Fawcett Gold Medal paperback original, November 1960. Art by Richard Powers
There are just too many books out there to read, too many still to get to, (too many that you’ll never get to!) and sometimes when you finally do read one of those older “classics,” the inevitable allowances you have to make for the style, the ideas, and the attitudes of an earlier era can make you come away feeling dissatisfied. You feel guilty even asking the question, but really, what was all the fuss about? What the hell was so “classic” about The Moon Pool anyway? So many vintage books seem to require the qualifying quotation marks.
There’s probably no genre as vulnerable to this sort of thing as science fiction. SF was always supposed to be the cutting edge, but let’s be honest; some of its most famous books — through no fault of anyone but Father Time — feel old. When the “door to tomorrow” starts to creak so loudly that you can hear the sound all the way across the parking lot, it can be pretty embarrassing. This is why it’s such a great pleasure to come across a “classic” (especially a neglected one) that lives up to and even exceeds its reputation, an older book that still has a dangerous edge that time has yet to dull.
Algis Budrys’ 1960 story of exploration, mortality, and the mystery of identity, Rogue Moon, is, I think, one of the most brilliant science fiction novels ever written, employing as it does some dusty old “gosh-wow!” pulp science fiction props with a new ambition and a deeper, more serious purpose.
[Click the images for Moon-sized versions.]
Questar reprint, September 1986. Art by James Gurney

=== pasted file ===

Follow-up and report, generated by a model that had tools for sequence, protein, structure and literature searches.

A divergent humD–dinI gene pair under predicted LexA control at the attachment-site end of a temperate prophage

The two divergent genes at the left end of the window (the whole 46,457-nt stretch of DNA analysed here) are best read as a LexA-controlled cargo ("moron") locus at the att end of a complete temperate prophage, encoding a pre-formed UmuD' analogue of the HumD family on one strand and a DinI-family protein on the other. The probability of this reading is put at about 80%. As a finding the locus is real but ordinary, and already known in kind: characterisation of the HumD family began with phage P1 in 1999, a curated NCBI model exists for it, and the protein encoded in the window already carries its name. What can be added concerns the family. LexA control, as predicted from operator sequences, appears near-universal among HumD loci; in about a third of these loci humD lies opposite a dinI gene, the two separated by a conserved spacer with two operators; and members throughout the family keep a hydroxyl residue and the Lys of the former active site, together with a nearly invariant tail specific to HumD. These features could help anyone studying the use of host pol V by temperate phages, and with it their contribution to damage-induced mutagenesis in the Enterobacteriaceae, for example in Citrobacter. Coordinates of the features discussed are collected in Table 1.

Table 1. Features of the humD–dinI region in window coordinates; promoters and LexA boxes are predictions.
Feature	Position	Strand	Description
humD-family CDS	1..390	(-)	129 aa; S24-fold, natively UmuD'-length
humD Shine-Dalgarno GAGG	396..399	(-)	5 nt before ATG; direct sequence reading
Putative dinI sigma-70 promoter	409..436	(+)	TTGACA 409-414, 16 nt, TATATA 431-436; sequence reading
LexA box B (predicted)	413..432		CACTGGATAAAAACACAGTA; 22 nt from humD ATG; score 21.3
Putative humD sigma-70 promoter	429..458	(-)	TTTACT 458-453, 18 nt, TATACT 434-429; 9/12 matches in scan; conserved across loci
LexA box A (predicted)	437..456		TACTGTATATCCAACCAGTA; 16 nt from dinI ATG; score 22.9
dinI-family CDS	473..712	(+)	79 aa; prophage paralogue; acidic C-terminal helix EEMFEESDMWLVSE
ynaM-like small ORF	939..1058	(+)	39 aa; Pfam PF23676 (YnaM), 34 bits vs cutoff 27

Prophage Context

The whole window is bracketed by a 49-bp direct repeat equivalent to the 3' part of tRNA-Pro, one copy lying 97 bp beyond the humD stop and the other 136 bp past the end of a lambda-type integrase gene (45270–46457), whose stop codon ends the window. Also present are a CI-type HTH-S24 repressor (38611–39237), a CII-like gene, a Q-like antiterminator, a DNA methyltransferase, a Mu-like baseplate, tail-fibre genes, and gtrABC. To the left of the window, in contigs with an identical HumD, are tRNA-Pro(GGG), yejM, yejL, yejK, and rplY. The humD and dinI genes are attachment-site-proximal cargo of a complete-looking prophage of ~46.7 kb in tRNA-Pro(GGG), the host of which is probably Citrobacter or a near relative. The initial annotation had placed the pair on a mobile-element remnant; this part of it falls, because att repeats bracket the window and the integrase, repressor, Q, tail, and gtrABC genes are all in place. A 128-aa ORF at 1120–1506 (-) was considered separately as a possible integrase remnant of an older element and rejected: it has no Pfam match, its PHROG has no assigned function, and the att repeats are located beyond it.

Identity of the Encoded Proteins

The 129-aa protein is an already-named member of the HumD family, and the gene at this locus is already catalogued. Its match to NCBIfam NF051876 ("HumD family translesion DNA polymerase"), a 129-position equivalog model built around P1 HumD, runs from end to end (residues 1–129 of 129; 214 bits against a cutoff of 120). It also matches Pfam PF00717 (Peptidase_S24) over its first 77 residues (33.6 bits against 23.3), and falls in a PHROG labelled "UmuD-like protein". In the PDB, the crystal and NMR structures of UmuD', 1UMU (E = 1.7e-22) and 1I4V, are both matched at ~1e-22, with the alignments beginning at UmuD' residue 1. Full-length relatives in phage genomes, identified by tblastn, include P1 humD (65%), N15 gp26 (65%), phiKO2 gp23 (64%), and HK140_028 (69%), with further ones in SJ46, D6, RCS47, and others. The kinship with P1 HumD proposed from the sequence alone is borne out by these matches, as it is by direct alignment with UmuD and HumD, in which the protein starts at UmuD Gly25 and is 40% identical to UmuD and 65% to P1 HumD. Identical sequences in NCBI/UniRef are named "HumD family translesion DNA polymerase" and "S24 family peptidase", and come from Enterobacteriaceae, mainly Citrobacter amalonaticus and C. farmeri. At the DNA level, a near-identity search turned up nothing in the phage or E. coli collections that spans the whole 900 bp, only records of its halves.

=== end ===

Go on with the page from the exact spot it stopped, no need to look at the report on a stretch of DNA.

An alien artifact has been discovered on the dark side of the moon — an enormous, labyrinth-like structure that has been there for at least a million years. We don’t know who built it or why (and within the bounds of the story, we never do find out). We have no idea what it really is; we only know what it does. It quickly and violently kills anyone who enters it, which places a seemingly insurmountable obstacle in the way of answering any questions about its origin or purpose. But as you would expect in a science fiction story, an intrepid scientist provides an ingenious solution.
Edward Hawks has invented a matter teleportation device by which men can be sent to explore the structure. When the teleporter sends the subject to the moon, it also makes a “copy” that stays here on earth, and the two men (who are really the same man) are in telepathic communication with each other. (The earth version of the explorer stays in a sensory-deprivation tank while his duplicate is on the moon.) In this way, the explorer can report on his experience inside the labyrinth even after he — or the lunar version of him — dies. (It’s the only way he can report, because radio doesn’t work inside the structure.)
Unfortunately, it soon becomes clear that even this method doesn’t work, because the experience of sudden death — even if it’s “only” experienced telepathically — always renders the earth copy insane and unable to give a coherent account of the structure’s interior or what happens there. Just as the exploration project is about to be abandoned, Hawks finds a man who may be able to succeed where all others have failed — Al Barker, a man who’s half crazy already, a reckless daredevil who’s been courting death all his life.